Threats in the project area

Threat 1: Over fertilization and acidification
Threat 2: Loss of habitat due to lack of adequate management
Threat 3: Dehydration
Threat 4: Disturbance by recreational pressure
Threat 5: Presence of invasive alien species
Threat 6: Decrease in persistence (shelf life) of the seed bank
Threat 7: Lack of social support and socio-economic embedding

Threat 1: Over fertilization and acidification
The heathland habitats and inland dunes in the project area are struggling with an unwanted enrichment and acidification by nitrogen, phosphorus and sulfur.
This is mostly caused by atmospheric deposition (air pollution by nearby agriculture, industry and traffic). The enormous enrichment of the poor heathland ground and inland dunes causes unwanted and accelerated grass growth. This causes purple moor grass to dominate and the biodiversity to decline. Tackling the causes of atmospheric deposition is not an aim of the project. However, extra measures such us cutting sods, grazing, mowing and chopping can prevent heathland habitats from becoming overgrown with grass.

Another problem is the direct runoff of fertilizer-enriched surface water from the agricultural enclave “Steertse Heide” (Flanders) to Groote Meer (Netherlands).


On the attached map we can see that the western part qualifies for weakly buffered pool (i.e. a pool rich in plant and animal species) but the eastern part does not qualify (anymore). This can also be noted by the roughness of the eastern part. Currently this part serves as buffer and purification for the western part. For this reason in summer 2014 a dam was constructed between the eastern and western part. This way the western part can be prevented from becoming too rough and losing its typical flora. During the project, a purification plant will be built to clean the fertilizer-rich water from Steertse Heide to the correct quality. At the same time, agricultural land will be bought (at a faster pace) on Flemish side to slow down and stop intensive agriculture and fertilization. Both actions are intended to get the water quality back to the desired levels for weakly buffered pools. At that point the eastern part can be cleaned (at a later stage) and the dam between the two parts can be removed.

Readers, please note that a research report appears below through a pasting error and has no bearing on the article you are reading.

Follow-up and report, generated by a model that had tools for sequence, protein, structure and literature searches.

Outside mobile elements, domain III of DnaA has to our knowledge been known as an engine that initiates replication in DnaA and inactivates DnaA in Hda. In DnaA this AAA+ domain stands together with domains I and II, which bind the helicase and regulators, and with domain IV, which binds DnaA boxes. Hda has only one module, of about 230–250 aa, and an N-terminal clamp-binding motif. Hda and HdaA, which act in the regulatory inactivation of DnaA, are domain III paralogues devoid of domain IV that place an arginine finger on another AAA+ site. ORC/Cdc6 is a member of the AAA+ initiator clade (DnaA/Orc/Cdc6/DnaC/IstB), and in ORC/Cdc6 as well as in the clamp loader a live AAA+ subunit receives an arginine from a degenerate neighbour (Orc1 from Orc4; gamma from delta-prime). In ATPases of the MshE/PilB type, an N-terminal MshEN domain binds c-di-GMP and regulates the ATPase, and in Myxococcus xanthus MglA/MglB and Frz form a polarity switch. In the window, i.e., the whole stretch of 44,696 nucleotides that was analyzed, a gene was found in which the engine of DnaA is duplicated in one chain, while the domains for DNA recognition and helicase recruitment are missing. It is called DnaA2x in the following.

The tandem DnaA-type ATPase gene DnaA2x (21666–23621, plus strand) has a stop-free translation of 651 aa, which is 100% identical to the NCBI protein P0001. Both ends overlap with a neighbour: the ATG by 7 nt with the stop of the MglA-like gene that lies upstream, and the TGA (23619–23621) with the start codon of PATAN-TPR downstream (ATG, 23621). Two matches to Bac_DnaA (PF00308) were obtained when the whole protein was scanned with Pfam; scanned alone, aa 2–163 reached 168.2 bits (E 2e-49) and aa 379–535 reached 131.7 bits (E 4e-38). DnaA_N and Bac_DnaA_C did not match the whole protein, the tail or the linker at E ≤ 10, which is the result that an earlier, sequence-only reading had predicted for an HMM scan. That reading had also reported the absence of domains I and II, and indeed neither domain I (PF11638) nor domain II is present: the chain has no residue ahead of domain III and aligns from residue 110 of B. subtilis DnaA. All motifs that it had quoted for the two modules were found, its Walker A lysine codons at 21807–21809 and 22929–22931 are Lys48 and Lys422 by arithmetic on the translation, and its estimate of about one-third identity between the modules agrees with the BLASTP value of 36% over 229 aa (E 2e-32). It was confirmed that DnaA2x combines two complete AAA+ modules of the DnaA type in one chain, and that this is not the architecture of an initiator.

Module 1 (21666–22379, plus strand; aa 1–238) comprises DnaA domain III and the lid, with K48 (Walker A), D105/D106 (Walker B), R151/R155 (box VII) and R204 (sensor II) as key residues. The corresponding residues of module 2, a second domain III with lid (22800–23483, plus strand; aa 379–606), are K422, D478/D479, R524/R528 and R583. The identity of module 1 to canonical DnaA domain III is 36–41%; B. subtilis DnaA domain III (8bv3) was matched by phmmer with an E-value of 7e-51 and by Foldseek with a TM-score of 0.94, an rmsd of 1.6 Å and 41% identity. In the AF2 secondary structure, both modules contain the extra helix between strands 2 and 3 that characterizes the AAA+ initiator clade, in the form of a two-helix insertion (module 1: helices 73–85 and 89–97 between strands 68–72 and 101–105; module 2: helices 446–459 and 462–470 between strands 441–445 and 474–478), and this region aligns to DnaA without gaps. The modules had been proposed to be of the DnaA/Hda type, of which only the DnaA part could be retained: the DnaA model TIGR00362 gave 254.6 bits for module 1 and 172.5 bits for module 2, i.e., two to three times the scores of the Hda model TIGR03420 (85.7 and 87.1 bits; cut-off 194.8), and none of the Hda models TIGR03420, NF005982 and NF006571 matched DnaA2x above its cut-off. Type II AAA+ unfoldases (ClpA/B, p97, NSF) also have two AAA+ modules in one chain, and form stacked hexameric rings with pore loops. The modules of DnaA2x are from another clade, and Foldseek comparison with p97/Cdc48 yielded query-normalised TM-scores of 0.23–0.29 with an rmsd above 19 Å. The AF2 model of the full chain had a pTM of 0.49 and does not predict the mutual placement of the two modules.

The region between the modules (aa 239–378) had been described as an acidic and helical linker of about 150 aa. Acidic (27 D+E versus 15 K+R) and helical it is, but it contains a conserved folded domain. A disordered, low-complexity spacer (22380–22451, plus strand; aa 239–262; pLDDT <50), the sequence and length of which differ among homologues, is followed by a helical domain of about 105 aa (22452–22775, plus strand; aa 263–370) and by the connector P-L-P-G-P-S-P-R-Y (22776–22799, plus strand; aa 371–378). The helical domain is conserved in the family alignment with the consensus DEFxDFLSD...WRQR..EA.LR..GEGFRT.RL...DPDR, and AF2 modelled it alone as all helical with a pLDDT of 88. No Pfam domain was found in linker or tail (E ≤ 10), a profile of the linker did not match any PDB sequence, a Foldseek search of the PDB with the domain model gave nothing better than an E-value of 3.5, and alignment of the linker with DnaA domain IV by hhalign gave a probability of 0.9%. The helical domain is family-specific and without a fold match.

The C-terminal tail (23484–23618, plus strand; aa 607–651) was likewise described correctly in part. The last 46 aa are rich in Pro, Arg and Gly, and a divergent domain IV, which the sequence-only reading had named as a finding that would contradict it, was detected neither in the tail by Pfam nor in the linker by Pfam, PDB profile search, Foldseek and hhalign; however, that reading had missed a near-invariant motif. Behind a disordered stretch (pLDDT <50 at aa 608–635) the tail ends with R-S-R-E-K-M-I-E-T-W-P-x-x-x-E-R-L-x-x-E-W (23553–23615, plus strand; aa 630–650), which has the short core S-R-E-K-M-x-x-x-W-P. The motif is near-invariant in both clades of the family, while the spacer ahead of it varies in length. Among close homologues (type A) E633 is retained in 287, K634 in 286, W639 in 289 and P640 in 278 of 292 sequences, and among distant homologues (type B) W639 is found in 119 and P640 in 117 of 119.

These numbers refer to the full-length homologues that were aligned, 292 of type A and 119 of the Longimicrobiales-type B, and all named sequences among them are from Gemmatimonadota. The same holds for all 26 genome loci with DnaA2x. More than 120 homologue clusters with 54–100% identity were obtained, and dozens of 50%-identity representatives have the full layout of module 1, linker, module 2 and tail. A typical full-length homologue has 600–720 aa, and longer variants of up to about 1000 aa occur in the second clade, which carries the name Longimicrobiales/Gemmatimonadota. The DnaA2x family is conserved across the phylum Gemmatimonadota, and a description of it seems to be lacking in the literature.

Threat 2: Loss of habitat due to lack of adequate management:
Until 2009, Mont Noir and Stappersven/De Nol were privately owned. Management of these parts was aimed at maintaining and expanding the wooded surface and not at the important habitats such as inland dunes, dry and wet heathland. Alignment with the surrounding lots and other owners was not an issue.This way small remnants of land dunes and wet heath were completely isolated, threatening a number of species.
During this project open areas will be enlarged and connected with each other.
A similar situation can be found between Steertse Heide (B) and Groote Meer (NL). The presence of privately owned parcels prevented connection and the realization of an ecological connection zone. Purchase of these isolated parcels will enable to connect the desired open habitats.